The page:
Looking ahead…

One of our biggest priorities for Scottish Land & Estates in the year ahead will be the developments from the UK’s exit from the EU and the impact this will have on rural Scotland.

We are still a long way from knowing exactly what Brexit will mean for rural Scotland, but it looks like we are heading down a route that will see us outside of the EU institutions and the single market. This means that we will have to negotiate our trading relationship with the EU, which will be critical for some of our farming businesses in particular, and we will have to set about designing our own agricultural and rural development policies and financial support regimes.

The size of this task should not be underestimated. European rules extend into every fibre of government and disentangling ourselves from the EU will be a gargantuan task and that is before we even start to think about what we might want to do in future. The coming years are therefore going to be extremely challenging and complex. Scottish Land & Estates will be seeking to play a full role in the debates about the future of rural Scotland; this is a pivotal moment in our history and we have and important role to play.

In May we’ll be holding our annual Spring Conference, once again at the magnificent Assembly Rooms in Edinburgh. The theme this year will be ‘Rural Investment: Hopes and fears for a new era’.

Our members run businesses that are an important element of the rural economy. They run farms, produce timber and energy, provide housing and they run sporting and tourism enterprises, all of which are either embedded in the rural economy or support a wider supply chain. The investment decisions that they make therefore have consequences for the wider economy.

We want to use the opportunity of our Spring Conference to showcase significant investment in a number of rural businesses, to explore opportunities for future investment and to allow an opportunity for members to reflect on how they are managing the uncertainty that they face.

2017 is also the Year of History, Heritage and Archaeology. The vast majority of our heritage assets are owned by private individuals, communities and charitable owners, all of whom are investing vast sums of monies on both our built and environmental heritage, and continuing to grow heritage tourism.


The Year of History, Heritage and Archaeology provides limitless opportunities for our members to increase numbers of visitors to their tourism businesses, create new ventures and to get involved with local and national events taking place throughout 2017. Make sure you maximise opportunities to link your tourism offering with YHHA.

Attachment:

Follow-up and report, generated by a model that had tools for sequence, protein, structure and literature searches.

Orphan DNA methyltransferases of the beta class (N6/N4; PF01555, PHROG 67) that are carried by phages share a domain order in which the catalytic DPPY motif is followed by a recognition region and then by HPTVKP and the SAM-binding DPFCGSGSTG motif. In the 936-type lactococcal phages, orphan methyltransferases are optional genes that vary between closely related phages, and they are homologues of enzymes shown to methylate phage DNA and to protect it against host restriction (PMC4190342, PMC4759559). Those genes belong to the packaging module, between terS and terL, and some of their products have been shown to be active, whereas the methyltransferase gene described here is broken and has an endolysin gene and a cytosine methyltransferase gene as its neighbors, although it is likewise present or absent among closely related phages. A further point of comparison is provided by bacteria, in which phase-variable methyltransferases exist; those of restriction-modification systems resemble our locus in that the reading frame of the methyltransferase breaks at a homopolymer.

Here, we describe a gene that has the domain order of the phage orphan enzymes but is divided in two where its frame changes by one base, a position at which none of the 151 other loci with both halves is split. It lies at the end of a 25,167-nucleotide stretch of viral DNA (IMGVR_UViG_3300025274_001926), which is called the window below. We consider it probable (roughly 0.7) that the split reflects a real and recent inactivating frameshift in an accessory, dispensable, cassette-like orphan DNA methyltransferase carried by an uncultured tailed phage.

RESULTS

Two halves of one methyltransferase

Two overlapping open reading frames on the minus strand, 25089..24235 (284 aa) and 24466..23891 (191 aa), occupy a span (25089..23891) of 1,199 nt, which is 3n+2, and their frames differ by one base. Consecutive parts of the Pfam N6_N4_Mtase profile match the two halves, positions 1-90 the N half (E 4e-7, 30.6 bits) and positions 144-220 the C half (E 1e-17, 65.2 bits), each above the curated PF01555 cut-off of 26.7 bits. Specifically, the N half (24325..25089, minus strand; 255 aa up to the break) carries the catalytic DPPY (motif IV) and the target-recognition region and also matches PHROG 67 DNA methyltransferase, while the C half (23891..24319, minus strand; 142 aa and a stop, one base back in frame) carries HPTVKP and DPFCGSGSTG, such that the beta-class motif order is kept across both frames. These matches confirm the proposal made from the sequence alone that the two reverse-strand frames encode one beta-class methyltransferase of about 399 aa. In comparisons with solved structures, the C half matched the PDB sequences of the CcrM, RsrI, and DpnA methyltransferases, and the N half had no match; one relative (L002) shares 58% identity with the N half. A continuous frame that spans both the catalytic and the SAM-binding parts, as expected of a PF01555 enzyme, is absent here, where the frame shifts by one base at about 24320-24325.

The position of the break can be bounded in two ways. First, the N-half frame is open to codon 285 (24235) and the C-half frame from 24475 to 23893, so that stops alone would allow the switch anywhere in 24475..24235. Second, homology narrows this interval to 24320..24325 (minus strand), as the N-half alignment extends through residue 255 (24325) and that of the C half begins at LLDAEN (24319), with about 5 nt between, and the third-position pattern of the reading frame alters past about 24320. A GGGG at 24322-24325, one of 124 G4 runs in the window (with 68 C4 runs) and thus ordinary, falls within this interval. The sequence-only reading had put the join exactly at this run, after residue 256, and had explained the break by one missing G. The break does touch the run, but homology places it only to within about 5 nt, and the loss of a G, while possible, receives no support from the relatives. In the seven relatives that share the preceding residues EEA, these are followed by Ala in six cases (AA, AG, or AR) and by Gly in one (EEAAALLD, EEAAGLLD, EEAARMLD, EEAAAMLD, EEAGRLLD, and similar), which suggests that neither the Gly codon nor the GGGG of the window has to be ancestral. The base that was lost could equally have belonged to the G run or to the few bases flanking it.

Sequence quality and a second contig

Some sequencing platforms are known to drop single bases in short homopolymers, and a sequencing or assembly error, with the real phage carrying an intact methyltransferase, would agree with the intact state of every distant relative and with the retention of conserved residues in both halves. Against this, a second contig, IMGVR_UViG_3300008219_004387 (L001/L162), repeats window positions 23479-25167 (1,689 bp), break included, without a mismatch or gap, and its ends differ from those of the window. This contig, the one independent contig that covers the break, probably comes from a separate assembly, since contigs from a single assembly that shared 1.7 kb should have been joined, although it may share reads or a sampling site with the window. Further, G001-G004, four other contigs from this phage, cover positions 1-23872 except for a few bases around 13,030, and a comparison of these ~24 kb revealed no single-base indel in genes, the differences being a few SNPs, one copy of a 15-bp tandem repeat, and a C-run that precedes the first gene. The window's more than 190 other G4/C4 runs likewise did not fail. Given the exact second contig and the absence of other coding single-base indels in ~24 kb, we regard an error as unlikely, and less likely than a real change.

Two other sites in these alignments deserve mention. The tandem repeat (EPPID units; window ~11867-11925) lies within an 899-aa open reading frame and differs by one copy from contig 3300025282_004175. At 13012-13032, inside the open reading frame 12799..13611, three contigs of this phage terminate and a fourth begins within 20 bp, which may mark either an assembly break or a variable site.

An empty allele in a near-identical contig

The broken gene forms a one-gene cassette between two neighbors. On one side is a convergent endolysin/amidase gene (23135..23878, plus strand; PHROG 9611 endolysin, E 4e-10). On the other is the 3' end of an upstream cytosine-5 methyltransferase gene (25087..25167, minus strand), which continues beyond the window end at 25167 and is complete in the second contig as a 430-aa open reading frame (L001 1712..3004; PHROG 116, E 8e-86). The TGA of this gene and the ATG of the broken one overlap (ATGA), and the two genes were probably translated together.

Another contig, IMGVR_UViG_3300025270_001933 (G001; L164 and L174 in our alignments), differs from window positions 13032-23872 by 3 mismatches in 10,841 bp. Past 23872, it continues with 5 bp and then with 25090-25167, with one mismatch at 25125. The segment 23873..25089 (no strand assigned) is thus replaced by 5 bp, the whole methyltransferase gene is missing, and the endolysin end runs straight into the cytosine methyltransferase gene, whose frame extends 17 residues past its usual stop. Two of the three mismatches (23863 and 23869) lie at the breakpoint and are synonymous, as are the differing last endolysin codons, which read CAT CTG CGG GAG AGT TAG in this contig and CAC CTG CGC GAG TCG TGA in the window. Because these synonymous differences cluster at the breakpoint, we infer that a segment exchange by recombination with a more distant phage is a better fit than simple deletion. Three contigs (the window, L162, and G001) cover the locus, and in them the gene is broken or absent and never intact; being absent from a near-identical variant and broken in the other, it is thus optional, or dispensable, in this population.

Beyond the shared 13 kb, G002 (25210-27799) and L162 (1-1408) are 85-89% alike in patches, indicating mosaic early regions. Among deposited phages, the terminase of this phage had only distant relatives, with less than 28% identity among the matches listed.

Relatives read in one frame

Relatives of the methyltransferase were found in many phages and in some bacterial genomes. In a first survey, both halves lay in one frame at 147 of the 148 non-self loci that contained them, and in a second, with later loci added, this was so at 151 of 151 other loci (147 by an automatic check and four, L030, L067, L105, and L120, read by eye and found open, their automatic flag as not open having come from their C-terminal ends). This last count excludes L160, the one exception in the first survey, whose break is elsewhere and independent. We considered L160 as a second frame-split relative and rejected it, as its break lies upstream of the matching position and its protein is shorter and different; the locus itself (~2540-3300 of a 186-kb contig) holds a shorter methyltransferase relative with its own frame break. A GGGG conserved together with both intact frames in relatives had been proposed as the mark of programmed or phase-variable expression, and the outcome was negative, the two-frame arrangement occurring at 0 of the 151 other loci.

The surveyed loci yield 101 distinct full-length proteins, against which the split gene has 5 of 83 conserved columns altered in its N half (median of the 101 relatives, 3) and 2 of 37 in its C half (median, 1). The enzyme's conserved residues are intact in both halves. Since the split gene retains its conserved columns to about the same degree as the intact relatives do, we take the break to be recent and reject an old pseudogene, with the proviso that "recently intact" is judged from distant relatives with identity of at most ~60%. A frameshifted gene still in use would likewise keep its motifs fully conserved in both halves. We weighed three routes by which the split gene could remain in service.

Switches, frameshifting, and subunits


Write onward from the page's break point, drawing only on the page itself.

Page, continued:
Influencing how the land reform legislation unfolds as well as monitoring the impact of the private residential changes will undoubtedly take up a significant proportion of our time in the year ahead, along with helping to shape changes in the planning system and other key policy areas.

The formal commencement of the work of the Scottish Land Commission in April will be a key step in the land reform ‘journey’ and we have already had a number of initial discussions with Commissioners – we await the publication of their work plan with interest.

We start 2017 with more Parliamentary consideration of deer management in Scotland. We find it frustrating that, despite the considerable efforts, and progress, being made within the industry to change and modernise, the pressure from Parliament is relentless. Our efforts to represent our members will remain robust as this scrutiny continues. On a more positive note, 2017 will see the development of an agreed process in Scotland for the management of beaver. The, until recently, the illegal groups of beaver in Tayside have been a problem for members in this area for a number of years. As the uncertainty of their status and future in Scotland dragged on it was apparent that any decision on the future of the Tayside beaver was better than none at all, given the negative press farmers were subjected to when they perfectly legally attempted to control problem animals. The new framework which we will be fully involved in developing will give everyone a clear understanding and a firm legal basis for management going forward.

Our discussions with Cabinet Secretary for Environment, Climate Change and Land Reform, have revealed a perhaps welcome focus for her in 2017 on climate change issues. A new Climate Change Plan is being development and we are due to give evidence to the ECCLR committee shortly on specific aspects of it. Land and how it is management is vitally important to whether Scotland mitigates some of the more unpalatable likely outcomes of Climate Change. Contributing to delivery of Scotland’s Climate Change plan represents an opportunity for Scotland’s landowners to demonstrate they are part of the solution to environmental challenges and not part of the problem.

We are without doubt, in a new era of landownership, and indeed following the Brexit vote we are looking at a new era for land-based businesses as we consider fundamental changes to the regulatory and support frameworks we operate within. Our organisations continues to be in good shape to not only assist members in meeting the challenges of this new era but also develop and deliver opportunities which will benefit not only landowners and land-based businesses but provide substantial and tangible benefits for Scotland in general.

The work that we do would not be possible without the continued support of our members.

David Johnstone - Chairman, Scottish Land & Estates